• Dayane Da Silva's avatar
      Dayane Da Silva 3/17/2019 5:43 PM
      Hello John, I really enjoyed learning about your experience with the last couple of challenges. I’m glad to hear that you got to have some fun out of completing them and turning your challenges into a bonding experience with your friend! I understand it was extremely cold during that week, so I am glad that you were still able to complete the challenge and discover a new trail and spend some quality time outdoors. Additionally, it was awesome to hear that you guys agreed to limit your phone time, and fully soak in the experience and enjoy nature. In today’s day and age, it is incredibly hard to put our phone downs and live in the moment. So, I hope you and your friends found that experience refreshing and enjoyable. Also, it is great that you found real benefits in completing these last couple of challenges, especially in such a stressful couple of weeks. I agree that walking around and breathing some fresh air can really reduce our stress and calm our nerves (especially before an exam as you mentioned), so I hope this challenge also helped you do well in other courses. I also enjoyed reading about your challenge of lobbying for reusables and cutting back on your use of Styrofoam’s and plastics. As I have mentioned before, this is also an issue that I deal with so I understand that although it can be a difficult change and habit, it is a great way to help our environment. 

  • Parker Hula's avatar
    Parker Hula 3/07/2019 9:42 AM
    For this week I had chosen two new daily challenges to up my challenges to 10 daily, and two more one time challenges. I decided to choose supporting a sharing economy, meditating 15 minutes a day, trying a new way of prepping food, and exploring my area.  I decided to choose what I believed to be easier daily challenges at this point, as I began to struggle last week with keeping up on challenges. Taking this route had helped me a lot to keep up with my goals, although on Tuesday I had accidentally forgotten about my challenge of two meatless or vegan meals a day, and had meat at breakfast. I believe that meditating had helped me a lot this week, as my roommate in my house is really big on meditation and had advocated for me to do it with him at some point it helped me get to know him better, as well as destress during some of the heaviest workloads I’ve had for ROTC and class this entire semester. I have done meditation before in my past, so it was easy to get into, and I don’t necessarily believe 15 minutes was enough for me to get really into it, but I found myself meditating a little bit longer each day. As for supporting a sharing economy, I have been taking rides from friends whenever I can when I needed to go off campus, and in doing so I cooked for them afterwards.  My favorite challenges from this week were easily from trying a new way for meal preparation and exploring my area. Both on Friday and Saturday, I went rucking off campus, once on the rail trail and once at Cherry Springs. I did an 8 mile trail then a 6 mile trail on these days and it really helped me get back into the beauty of the area around campus, even during this pretty harsh winter. On Saturday I baked bread and pickled some peppers that I had picked up at the farmer’s market recently, which was good experience, but it is something that I do pretty consistently when I am home. I can honestly see myself doing all of these after class is over, as they weren’t too much effort and really involved things that I like. Before meditating I did read the New York times article posted for meditating on the ecochallenge site, but I followed my roommate’s instructions instead, by listening to Tibetan bowl sounds instead. As for canning however, I did follow the resource from yes magazine on canning, and used their recipe list.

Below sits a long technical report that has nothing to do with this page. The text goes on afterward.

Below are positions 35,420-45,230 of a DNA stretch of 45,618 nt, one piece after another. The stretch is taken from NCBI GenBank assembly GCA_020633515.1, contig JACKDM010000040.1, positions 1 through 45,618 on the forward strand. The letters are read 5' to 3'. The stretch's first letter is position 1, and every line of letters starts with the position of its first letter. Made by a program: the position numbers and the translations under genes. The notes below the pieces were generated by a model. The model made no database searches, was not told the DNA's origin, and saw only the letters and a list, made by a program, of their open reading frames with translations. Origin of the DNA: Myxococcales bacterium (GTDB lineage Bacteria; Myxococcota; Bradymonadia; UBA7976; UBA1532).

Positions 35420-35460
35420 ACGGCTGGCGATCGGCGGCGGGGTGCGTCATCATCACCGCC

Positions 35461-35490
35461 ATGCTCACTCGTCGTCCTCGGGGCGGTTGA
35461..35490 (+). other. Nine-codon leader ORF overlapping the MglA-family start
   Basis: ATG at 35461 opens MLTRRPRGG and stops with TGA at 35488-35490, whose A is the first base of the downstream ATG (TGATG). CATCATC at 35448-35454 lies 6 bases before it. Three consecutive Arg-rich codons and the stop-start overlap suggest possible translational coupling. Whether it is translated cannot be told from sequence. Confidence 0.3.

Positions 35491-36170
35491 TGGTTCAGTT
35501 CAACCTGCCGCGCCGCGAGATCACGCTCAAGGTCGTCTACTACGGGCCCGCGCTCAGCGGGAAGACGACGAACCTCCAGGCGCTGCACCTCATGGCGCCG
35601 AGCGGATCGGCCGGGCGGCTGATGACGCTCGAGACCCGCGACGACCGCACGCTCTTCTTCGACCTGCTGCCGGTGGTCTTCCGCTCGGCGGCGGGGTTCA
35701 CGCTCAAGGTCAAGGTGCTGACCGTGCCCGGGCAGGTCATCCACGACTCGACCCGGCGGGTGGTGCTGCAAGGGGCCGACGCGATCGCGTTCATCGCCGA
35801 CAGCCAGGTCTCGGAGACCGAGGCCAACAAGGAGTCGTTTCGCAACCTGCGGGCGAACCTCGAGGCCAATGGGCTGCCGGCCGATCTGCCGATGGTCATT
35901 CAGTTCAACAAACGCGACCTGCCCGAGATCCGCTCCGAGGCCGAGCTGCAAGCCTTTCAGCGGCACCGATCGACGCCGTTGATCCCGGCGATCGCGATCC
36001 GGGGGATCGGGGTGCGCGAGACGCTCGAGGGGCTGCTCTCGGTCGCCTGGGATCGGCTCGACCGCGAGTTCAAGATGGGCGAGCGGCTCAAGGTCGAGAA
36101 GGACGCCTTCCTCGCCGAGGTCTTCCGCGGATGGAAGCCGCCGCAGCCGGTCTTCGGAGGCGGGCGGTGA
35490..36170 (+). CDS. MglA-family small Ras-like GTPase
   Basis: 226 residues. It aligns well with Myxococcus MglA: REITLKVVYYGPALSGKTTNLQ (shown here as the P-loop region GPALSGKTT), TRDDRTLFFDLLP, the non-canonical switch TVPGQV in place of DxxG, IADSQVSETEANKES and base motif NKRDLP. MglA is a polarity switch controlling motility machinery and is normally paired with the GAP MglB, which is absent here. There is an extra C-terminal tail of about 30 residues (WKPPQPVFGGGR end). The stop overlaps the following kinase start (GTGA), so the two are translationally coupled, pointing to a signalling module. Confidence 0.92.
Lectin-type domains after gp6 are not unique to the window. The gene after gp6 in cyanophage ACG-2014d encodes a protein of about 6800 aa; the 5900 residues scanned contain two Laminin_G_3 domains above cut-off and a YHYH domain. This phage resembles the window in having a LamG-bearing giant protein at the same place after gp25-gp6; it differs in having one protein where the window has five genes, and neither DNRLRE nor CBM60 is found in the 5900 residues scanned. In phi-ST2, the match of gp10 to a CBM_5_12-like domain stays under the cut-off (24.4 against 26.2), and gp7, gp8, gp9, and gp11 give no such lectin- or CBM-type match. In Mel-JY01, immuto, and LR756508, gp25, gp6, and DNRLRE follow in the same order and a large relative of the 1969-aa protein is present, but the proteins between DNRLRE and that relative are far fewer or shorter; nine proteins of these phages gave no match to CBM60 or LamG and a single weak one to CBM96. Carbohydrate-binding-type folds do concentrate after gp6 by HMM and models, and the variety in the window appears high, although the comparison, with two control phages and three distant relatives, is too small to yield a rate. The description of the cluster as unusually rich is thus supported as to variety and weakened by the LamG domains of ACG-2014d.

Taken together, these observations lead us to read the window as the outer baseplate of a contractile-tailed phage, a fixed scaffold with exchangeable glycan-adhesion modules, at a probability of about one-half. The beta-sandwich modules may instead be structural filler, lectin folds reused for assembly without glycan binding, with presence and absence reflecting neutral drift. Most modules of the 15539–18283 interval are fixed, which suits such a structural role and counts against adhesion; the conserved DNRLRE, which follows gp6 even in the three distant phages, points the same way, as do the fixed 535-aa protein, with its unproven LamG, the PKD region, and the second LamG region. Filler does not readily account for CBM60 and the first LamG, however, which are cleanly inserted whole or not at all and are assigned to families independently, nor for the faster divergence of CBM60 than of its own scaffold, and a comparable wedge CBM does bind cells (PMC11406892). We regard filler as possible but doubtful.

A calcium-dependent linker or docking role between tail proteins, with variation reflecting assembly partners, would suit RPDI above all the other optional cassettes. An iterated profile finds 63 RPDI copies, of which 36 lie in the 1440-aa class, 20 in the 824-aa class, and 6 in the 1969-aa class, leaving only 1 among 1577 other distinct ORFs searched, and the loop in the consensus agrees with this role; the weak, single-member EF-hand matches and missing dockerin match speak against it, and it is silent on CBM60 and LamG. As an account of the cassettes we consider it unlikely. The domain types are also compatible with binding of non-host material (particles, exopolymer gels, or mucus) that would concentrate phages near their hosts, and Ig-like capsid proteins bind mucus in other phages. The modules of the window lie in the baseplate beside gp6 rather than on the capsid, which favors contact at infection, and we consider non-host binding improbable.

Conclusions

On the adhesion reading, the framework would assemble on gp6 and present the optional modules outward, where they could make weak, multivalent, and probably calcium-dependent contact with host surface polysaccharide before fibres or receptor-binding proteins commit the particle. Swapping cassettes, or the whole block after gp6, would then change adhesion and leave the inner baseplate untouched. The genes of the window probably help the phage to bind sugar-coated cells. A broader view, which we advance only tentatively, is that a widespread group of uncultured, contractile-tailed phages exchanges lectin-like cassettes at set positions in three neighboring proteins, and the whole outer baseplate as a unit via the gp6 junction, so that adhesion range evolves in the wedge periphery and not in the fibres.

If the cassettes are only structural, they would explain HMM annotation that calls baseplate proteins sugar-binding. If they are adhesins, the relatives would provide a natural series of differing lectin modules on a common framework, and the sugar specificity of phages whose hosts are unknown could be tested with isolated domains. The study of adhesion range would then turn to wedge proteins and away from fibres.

• Dayane Da Silva's avatar
      Dayane Da Silva 3/17/2019 5:44 PM